MPA Waterfront Gathering
Mar 20, 2017

MPA discussing with a group of seated listeners.

MPA speaks at the Waterfront Gathering, January 2017. Photograph by Patrick MacLeod

Access and Community Programs staff convened with a number of the Museum’s neighborhood community partners, artists, and cultural workers on Sunday, January 29. Organized around MPA’s solo exhibition RED IN VIEW, participants discussed the themes of place, migration, and history that reflected the artist’s investigations into the  colonization of Mars. Participants also discussed the rapid demolition and construction that have reshaped the Hudson River waterfront and displaced communities that called this area home.

Jay Toole presenting with projection screen behind.

Activist Jay Toole discusses memories of the Piers. Photograph by Patrick MacLeod

Activist Jay Toole recalled their time spent in a landscape much different from the one we saw through the Museum’s windows that overlook the Hudson River and a portion of the Chelsea Piers. Toole said “This was my home. The piers were my home,” recounted more than twenty-five years of homelessness, often in the heavily industrial Meatpacking District of the 1960s and 70s.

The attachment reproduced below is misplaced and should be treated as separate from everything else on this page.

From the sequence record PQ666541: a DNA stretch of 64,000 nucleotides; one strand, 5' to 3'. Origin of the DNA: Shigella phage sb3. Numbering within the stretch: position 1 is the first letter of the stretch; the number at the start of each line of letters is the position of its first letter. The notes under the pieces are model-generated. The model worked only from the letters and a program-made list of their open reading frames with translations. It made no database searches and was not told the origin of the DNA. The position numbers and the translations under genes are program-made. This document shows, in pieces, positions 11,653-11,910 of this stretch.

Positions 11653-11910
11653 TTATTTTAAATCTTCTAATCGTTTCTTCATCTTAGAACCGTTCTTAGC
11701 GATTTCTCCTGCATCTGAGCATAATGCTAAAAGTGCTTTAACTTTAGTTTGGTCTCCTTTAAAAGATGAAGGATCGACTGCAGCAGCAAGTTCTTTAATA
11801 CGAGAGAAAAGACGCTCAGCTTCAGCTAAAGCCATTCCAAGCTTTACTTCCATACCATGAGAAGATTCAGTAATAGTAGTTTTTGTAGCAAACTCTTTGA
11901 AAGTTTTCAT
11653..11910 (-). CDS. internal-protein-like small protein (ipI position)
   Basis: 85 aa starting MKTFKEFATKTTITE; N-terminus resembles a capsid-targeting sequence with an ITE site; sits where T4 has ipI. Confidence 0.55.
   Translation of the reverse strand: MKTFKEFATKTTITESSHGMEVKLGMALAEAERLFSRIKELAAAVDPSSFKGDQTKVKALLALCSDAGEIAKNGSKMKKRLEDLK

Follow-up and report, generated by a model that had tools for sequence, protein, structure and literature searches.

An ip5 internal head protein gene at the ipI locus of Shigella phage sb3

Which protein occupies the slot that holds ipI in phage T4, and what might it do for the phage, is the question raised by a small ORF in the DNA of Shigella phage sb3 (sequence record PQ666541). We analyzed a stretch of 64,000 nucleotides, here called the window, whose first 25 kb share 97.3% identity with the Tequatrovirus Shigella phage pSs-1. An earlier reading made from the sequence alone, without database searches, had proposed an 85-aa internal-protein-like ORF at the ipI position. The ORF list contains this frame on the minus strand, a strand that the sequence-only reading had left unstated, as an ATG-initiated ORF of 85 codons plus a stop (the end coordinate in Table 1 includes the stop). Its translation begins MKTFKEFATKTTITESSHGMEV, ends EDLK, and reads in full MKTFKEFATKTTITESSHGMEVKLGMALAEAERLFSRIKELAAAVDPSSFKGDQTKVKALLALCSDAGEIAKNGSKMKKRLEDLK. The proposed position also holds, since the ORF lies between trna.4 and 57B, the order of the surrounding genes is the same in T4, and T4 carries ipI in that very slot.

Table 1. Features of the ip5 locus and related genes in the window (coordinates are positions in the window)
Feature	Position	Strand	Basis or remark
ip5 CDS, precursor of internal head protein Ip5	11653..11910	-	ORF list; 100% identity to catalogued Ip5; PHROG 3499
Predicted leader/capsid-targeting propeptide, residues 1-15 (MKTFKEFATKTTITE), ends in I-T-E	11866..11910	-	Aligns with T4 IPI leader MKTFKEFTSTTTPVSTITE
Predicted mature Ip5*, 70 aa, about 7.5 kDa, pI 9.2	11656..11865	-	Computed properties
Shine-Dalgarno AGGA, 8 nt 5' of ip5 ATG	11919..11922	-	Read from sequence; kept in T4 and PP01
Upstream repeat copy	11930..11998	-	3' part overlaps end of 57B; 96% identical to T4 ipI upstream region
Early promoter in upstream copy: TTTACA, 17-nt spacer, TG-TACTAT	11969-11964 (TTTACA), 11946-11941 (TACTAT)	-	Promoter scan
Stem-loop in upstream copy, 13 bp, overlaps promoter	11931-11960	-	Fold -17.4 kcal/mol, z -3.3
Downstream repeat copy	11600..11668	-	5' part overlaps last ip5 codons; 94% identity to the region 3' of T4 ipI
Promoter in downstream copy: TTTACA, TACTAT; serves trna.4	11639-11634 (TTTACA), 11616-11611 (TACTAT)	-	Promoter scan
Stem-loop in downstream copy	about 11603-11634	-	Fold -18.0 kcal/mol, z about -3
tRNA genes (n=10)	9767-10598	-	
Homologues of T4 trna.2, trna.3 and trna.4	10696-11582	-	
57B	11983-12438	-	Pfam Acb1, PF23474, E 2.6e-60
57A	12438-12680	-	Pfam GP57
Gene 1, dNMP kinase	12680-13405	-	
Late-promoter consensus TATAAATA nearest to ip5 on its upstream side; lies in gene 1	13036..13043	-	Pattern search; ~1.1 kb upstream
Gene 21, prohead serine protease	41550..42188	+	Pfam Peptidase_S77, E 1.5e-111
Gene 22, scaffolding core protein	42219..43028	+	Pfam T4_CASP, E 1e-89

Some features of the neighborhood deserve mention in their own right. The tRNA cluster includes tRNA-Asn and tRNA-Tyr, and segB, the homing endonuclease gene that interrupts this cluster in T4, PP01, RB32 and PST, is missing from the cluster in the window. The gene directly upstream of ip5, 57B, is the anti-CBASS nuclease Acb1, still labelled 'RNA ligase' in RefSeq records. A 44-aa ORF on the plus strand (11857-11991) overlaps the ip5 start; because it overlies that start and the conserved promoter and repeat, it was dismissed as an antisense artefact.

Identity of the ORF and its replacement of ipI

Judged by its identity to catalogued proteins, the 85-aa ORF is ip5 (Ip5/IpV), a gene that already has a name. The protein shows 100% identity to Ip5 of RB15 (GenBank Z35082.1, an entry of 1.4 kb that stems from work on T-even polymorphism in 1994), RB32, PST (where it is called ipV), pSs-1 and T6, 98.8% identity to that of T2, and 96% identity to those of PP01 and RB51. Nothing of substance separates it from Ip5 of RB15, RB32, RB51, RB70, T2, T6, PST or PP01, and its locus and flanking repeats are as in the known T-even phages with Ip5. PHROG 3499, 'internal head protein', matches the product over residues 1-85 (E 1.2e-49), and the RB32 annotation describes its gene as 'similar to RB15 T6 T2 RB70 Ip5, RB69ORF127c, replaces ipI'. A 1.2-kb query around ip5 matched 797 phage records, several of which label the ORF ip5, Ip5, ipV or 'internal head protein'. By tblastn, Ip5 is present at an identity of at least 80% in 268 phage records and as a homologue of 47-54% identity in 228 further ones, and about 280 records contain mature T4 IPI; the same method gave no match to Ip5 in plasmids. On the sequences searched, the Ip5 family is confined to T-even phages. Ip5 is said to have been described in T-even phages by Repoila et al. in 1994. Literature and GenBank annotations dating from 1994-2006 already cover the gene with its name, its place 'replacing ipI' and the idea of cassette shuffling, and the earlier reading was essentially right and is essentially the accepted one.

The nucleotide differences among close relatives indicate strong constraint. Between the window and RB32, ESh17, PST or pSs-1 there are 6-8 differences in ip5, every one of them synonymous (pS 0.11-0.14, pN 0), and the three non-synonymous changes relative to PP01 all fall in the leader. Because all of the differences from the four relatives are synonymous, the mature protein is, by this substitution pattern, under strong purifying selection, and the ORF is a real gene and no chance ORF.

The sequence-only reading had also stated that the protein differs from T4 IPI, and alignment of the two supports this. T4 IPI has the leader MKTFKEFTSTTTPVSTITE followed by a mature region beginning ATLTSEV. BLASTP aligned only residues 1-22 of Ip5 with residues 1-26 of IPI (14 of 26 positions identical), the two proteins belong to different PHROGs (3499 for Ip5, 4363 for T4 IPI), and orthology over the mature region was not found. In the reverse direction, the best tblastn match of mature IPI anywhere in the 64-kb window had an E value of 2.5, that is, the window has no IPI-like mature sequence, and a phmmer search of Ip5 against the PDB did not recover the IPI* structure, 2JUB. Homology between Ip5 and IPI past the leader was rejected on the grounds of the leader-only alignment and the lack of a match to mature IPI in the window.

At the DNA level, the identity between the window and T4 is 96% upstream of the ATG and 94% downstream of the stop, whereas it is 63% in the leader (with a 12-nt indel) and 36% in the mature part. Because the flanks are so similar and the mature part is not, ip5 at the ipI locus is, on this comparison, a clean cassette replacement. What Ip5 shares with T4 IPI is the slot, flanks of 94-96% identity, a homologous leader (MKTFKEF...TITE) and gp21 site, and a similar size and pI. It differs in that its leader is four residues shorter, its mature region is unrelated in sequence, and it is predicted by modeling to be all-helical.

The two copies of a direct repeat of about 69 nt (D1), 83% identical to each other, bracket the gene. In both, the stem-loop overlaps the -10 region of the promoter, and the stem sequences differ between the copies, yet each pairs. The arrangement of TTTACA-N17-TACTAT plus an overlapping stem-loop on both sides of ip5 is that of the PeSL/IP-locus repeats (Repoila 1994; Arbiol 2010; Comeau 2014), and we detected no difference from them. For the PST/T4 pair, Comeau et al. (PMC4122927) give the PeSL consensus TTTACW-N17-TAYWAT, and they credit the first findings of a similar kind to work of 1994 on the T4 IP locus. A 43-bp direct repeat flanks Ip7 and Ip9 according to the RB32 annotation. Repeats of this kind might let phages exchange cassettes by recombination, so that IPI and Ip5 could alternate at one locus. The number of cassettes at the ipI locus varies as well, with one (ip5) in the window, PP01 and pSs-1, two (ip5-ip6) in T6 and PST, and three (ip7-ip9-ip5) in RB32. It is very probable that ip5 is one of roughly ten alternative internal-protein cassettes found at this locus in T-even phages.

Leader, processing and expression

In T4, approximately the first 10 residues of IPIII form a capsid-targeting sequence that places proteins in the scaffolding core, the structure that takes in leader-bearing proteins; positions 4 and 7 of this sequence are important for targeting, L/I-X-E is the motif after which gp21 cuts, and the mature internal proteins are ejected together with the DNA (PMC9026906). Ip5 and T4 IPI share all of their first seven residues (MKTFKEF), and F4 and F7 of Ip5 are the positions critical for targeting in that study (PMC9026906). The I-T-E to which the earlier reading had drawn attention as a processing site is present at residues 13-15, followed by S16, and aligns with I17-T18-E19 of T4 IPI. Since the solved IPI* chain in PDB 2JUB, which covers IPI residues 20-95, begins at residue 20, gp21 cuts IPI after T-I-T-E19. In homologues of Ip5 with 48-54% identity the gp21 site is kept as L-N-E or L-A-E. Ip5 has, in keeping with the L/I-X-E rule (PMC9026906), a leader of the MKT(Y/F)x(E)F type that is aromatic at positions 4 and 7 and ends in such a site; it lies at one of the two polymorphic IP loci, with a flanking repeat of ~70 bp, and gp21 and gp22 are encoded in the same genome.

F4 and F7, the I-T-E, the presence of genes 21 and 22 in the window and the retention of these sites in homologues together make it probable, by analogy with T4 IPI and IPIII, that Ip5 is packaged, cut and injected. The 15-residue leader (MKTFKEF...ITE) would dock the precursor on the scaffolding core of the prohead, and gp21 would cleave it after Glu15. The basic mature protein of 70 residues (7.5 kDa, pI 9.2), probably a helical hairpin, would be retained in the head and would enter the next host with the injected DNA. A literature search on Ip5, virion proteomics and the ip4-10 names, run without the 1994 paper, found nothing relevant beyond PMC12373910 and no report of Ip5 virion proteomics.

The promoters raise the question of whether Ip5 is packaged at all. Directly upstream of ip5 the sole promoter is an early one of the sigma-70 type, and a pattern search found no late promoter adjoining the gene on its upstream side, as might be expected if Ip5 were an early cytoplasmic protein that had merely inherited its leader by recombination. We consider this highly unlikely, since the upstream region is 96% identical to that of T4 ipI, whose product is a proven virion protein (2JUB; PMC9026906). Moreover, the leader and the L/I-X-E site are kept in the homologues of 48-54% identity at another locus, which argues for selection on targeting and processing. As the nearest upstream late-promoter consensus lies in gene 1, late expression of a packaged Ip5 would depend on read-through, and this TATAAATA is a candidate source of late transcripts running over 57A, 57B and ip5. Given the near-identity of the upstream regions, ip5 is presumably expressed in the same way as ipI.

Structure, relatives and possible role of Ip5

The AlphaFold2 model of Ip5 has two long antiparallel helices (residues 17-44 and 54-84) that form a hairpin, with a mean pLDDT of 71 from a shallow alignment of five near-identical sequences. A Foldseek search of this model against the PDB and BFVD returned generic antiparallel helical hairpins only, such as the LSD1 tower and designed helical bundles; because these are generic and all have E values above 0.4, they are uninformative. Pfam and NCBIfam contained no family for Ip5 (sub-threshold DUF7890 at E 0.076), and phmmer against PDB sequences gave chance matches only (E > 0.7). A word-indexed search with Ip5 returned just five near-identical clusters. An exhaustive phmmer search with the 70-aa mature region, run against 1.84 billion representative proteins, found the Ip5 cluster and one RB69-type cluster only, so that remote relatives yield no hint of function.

At the onset of HIV/AIDS in the 1980s, artists living with the virus responded to stigmatization and the Reagan administration’s lack of response through direct action, community, and their work. Arts organization Visual AIDS supports artists living with HIV/AIDS and preserves their work through its extensive and expanding online registry. Program Director, Alex Fialho shared the digital slideshow RADIANT PRESENCE and emphasized the organization’s goal to introduce audiences to emerging artists such as Kia LaBeija, through their familiarity with well-known artists such as David Wojnarowicz.

MPA explaining something to the group.

MPA discusses RED IN VIEW, January 2017. Photograph by Patrick MacLeod